Month: February 2024

Ph.D. Leadership Transition – Thank You Scott Harding

Dear Colleagues,

As you may be aware, Scott Harding, Ph.D., is stepping down as co-director of our Ph.D. program in summer 2024. Harding assumed this role in 2016. During his tenure, he led multiple initiatives that strengthened our doctoral program. These include the expansion of guaranteed student funding to four years of Graduate Assistantship (GA), including two years as a research GA and one year of teaching independently. During his tenure, the doctoral committee implemented curriculum reform, including a revised Comprehensive Examination process, expansion of dissertation options, and creation of a new course on pedagogy. The program also transformed its model of student advising and increased professional development opportunities for doctoral students. These changes resulted in increased publication opportunities for our students. Harding also mentored doctoral students and has served as a major and associate dissertation advisor for 12 Ph.D. candidates. He also taught four courses in the doctoral program.

In addition to his leadership in the doctoral program. Harding is an accomplished scholar in the areas of Forced Migration and Refugee Resettlement and War, Militarism, and Peace Activism. Along with multiple peer-reviewed articles, Harding is the co-author of Breaking the War Habit: The Debate over Militarism in American Education (University of Georgia Press, 2022), Counter-Recruitment and the Campaign to Demilitarize Public Schools (Palgrave McMillan, 2017), and Human-Rights Based Approaches to Community Practice in the United States (Springer, 2015).

Harding is a highly experienced academic administrator and leader, having served the School of Social Work not only as Ph.D. Co-Director but also as Associate Dean of Academic Affairs. Harding will continue his role as Associate Dean of Academic Affairs in the 2024-25 AY.

Please join me in thanking Harding for his outstanding leadership.

Laura Curran, MSW, Ph.D. (she/her)
Dean and Professor

AI Can Positively Impact Mental Health

By: Loan Nguyen

Lack of Self-Awareness

  • AI can assist people to become more aware of mental health needs and seek professional help
  • Apps used to track exercise, food intake, etc. can also be used to track behavioral patterns and send message to userabout concerns, changes in behavior, etc. (frequency and duration of calls, texts to others)

Lack of resources

  • Access to resources via internet or smartphone
  • Close treatment gap in accessing high quality mental health care (evident during Pandemic and provided support to those experiencing isolation, depression, anxiety, etc.)

Social Stigma

  • Reduce social stigma through use of virtual mental health therapists (BetterHelp, Talkspace, Talkiatry) or chatbots
  • Preferences for avoiding human to human interaction

Clinical Settings

  • Use of ChatGPT to draft chart documentation with review by licensed provider
  • ChatGPT as tool to create templates and allow for clinical personalization during psychotherapy sessions and help to reduce cognitive load and time spent on documentation









NIMH/NIH Loan Repayment Grant Supports Study on LGBTQ+ Youth and Eating Disorders

Associate Professor Meg Paceley led a study examining the relationship between the family and community environments of LGBTQ+ youth and disordered eating behaviors. The research was published in Families in Society: The Journal of Contemporary Social Services and supported by the National Institute of Mental Health/National Institutes of Health (NIMH/NIH) Loan Repayment Program ($58,000).

To explore the relationship between disordered eating and acceptance or rejection of LGBTQ+ youth in both family and community contexts, Paceley and the research team – including Ryan Watson from the UConn Department of Human Development and Family Studies – used data from the National LGBTQ+ Teen Survey, an anonymous online survey of 7,895 LGBTQ+ youth aged 13 to 17 collected in 2017. The survey questions included measures of acceptance or rejection from parents or caregivers; it also explored community factors such as climate, LGBTQ+ involvement, LGBTQ+ support and anti-LGBTQ+ bullying. The researchers assessed disordered eating behaviors related to attempting to control one’s weight (taking diet pills, fasting, purging) and binge eating.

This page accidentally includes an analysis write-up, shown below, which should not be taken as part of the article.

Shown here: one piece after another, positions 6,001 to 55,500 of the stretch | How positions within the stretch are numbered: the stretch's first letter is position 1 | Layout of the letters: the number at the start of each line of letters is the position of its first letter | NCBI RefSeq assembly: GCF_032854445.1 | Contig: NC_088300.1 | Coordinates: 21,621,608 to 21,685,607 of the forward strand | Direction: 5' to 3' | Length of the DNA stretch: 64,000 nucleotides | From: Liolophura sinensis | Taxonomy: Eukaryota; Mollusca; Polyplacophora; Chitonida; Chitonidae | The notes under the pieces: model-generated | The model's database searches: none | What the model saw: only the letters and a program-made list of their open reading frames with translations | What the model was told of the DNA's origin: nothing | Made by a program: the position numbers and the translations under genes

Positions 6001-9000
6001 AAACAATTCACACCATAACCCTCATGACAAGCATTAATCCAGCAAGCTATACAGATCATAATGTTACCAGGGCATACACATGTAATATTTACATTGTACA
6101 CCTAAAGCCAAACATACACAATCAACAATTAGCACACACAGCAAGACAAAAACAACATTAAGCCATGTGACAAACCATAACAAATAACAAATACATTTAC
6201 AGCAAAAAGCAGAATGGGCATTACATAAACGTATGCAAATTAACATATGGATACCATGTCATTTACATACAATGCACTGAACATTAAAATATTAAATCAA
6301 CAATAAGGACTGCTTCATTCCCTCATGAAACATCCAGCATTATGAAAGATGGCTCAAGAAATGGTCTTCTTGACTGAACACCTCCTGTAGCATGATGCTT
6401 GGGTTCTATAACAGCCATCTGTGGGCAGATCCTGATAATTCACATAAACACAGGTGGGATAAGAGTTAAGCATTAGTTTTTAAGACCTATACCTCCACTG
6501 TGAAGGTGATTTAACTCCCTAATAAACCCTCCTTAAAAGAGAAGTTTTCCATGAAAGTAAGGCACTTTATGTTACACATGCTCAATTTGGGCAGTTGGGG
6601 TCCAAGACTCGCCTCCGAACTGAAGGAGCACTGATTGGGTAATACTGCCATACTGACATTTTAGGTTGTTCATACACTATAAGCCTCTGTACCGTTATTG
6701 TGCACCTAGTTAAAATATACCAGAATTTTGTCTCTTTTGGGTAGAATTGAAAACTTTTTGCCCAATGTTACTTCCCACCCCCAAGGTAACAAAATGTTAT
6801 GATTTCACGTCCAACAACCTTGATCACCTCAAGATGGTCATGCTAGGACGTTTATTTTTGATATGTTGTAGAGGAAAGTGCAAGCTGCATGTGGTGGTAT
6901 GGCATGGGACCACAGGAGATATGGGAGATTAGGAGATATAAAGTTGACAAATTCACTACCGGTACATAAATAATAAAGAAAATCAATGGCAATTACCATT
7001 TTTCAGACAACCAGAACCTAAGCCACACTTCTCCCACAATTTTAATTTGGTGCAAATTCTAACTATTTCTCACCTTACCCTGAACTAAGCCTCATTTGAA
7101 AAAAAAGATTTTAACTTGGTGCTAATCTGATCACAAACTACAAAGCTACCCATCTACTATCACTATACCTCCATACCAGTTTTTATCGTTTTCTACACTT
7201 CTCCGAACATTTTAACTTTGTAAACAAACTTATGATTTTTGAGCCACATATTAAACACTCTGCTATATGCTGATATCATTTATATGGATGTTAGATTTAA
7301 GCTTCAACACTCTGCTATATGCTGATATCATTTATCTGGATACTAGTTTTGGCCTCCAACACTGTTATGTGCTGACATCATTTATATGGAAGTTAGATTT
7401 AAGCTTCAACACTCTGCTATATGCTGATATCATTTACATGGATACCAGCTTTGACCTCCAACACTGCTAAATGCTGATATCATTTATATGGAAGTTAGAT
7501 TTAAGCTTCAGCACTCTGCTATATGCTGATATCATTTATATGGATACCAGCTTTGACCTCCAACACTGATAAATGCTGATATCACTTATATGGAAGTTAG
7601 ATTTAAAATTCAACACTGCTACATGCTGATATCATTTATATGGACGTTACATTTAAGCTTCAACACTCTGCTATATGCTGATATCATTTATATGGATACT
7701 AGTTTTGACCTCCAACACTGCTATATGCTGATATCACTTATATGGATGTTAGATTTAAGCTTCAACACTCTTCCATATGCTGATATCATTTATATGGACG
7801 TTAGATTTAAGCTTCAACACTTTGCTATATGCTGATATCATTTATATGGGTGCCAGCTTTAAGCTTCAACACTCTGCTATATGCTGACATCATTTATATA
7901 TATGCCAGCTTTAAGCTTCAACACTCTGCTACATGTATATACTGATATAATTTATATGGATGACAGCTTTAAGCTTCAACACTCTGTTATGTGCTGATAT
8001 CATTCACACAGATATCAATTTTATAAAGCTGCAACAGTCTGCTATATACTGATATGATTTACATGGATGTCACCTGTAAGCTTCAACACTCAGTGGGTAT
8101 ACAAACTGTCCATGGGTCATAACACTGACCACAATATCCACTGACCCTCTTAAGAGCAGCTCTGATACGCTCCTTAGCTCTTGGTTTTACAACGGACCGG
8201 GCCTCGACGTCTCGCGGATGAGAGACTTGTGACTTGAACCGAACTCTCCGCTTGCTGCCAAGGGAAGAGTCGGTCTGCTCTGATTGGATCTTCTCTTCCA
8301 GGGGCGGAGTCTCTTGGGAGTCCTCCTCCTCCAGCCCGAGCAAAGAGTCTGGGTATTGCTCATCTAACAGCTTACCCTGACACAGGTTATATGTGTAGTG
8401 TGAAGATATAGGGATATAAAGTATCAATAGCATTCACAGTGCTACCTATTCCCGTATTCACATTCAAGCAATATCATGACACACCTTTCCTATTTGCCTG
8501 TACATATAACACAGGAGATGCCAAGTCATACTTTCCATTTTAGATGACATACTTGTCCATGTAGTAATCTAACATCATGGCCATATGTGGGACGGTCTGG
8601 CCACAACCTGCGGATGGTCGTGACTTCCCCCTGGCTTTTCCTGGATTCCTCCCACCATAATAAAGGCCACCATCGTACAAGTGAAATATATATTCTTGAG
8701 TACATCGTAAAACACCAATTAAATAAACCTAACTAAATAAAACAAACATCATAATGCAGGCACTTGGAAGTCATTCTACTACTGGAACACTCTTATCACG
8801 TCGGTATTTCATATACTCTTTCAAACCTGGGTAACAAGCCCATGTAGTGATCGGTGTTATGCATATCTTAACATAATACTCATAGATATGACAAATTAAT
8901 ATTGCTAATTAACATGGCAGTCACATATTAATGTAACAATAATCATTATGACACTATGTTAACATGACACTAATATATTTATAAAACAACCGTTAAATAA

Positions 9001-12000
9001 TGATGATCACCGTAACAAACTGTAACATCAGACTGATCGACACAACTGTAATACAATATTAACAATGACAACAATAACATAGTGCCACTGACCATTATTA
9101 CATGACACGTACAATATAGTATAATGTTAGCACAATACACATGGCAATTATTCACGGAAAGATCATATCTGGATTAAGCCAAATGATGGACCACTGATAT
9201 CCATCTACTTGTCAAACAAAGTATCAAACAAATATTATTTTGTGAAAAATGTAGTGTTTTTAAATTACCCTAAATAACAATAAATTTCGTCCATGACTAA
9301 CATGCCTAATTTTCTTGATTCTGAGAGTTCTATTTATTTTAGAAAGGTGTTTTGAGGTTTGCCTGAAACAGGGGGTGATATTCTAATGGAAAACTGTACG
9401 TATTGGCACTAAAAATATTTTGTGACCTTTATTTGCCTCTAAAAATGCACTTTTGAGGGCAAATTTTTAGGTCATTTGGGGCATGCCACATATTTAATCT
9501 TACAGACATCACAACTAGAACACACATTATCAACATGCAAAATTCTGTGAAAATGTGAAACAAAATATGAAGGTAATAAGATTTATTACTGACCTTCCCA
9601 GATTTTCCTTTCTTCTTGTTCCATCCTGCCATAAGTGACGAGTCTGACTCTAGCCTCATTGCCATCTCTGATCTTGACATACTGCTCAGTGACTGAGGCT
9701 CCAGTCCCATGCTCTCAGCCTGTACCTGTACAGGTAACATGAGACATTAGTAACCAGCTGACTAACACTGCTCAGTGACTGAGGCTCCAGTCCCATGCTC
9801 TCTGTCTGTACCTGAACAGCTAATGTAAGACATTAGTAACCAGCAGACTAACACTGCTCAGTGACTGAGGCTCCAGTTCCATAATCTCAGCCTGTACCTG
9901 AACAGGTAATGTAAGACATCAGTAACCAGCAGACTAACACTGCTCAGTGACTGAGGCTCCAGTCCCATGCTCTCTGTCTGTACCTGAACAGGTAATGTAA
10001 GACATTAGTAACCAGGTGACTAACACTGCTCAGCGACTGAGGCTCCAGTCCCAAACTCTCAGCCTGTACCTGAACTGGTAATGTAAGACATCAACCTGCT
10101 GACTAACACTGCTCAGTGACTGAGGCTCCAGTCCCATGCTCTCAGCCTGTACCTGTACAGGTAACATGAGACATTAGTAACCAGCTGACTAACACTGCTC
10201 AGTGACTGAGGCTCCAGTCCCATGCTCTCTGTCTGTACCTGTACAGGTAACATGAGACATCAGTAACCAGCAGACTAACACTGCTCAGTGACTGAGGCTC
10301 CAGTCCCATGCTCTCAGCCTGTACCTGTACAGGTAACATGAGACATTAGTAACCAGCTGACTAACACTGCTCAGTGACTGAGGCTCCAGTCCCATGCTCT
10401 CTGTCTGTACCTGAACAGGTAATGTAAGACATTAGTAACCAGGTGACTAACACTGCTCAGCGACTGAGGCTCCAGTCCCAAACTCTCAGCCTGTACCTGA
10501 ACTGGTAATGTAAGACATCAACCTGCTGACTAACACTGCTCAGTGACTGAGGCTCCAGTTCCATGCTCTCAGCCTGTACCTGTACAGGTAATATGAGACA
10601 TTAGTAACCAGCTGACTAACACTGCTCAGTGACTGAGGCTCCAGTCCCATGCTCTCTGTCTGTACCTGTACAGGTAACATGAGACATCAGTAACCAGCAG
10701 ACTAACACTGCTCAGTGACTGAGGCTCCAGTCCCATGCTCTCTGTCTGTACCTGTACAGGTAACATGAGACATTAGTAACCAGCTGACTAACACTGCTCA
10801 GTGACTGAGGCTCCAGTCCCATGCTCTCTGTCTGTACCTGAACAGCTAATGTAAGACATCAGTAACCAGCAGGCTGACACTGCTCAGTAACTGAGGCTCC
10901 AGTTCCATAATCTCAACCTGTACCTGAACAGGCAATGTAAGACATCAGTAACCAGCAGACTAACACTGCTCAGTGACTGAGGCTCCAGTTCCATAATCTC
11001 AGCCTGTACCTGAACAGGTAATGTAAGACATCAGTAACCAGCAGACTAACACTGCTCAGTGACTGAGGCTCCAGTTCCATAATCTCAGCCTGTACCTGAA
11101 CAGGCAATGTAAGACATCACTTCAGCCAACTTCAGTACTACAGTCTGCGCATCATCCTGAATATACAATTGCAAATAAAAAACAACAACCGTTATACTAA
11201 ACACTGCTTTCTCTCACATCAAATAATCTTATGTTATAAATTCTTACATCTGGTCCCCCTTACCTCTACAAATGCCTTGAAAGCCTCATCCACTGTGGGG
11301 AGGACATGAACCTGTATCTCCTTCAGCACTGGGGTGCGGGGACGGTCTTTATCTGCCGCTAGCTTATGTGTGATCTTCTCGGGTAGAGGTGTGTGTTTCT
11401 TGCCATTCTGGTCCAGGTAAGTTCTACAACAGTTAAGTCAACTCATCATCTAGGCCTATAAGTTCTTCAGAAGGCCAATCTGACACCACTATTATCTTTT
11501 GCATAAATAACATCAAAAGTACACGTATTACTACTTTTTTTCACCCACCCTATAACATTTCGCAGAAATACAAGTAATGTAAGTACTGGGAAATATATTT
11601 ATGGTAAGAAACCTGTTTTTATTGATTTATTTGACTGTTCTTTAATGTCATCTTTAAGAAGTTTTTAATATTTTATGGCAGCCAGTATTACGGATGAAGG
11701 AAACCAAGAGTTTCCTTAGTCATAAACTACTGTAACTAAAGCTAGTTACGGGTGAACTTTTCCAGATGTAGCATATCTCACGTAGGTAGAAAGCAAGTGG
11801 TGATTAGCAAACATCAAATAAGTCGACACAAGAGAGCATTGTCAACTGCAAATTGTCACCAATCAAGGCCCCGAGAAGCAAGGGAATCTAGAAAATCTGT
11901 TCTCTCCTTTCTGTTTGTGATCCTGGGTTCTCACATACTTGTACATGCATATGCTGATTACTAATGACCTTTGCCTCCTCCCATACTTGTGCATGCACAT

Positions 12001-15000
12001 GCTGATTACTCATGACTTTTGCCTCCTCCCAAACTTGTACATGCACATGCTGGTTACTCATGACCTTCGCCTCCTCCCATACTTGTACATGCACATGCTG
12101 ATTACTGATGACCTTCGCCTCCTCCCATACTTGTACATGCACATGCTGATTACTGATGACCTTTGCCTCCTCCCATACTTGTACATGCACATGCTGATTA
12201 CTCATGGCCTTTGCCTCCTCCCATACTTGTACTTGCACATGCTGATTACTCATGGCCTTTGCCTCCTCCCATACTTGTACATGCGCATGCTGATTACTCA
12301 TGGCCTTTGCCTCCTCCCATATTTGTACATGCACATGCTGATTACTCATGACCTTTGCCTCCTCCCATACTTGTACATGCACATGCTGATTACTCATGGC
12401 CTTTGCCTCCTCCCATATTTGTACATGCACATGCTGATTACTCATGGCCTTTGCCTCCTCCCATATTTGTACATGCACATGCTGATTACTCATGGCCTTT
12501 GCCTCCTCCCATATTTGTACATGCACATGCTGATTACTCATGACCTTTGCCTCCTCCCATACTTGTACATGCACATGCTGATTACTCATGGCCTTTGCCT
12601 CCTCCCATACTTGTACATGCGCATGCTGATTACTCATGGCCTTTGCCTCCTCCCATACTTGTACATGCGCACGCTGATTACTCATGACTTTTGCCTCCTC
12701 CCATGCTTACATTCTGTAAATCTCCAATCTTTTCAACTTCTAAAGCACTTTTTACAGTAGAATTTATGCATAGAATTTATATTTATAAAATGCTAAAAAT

The study found that LGBTQ+ youth who experienced family rejection and LGBTQ+-based bullying were more likely to report disordered eating patterns for weight control and binge eating. However, youth who experienced LGBTQ+ community acceptance and support were less likely to engage in those disordered eating behaviors.

The study results show that both families and communities are important environments that contribute to disordered eating among LGBTQ+ youth. Paceley is currently analyzing data from the 2022 National LGBTQ+ Teen Survey and preparing a submission for federal funding to study transgender youth and disordered eating longitudinally.

Read more about Paceley’s work.

Supervising in 2024: A Field and Continuing Ed Collaboration

Supervising in 2024: Who are our Supervisees and How Can We Use a Social Justice, Anti-Racist, Whole-Person Approach to Facilitate their Growth?

Patricia Wilcox, LCSW and Aminah Ali, LMSW
3 CECs

Registration Fee: $75  –  10% discount for UConn SSW Alumni
Free for Current SSW Field Instructors

Webinar link will be emailed when your registration is complete.

Multicultural workforces are the norm in social service and educational agencies. Though such diversity is positive in many ways, it can also create challenges for staff. Differences in culture and language may cause tension among employees, discomfort among groups or strained relations between employees, interns, and supervisors. Managers and supervisors must be aware of their own biases and assumptions and develop the skills to conduct difficult conversations with their supervisees. Together the two can create meaningful organizational change. In addition, our clients’ lives may be highly impacted by racism and inter-generational trauma. Supervisors can facilitate more effective programs by supporting supervisees to bring these issues into the discussions they have with clients.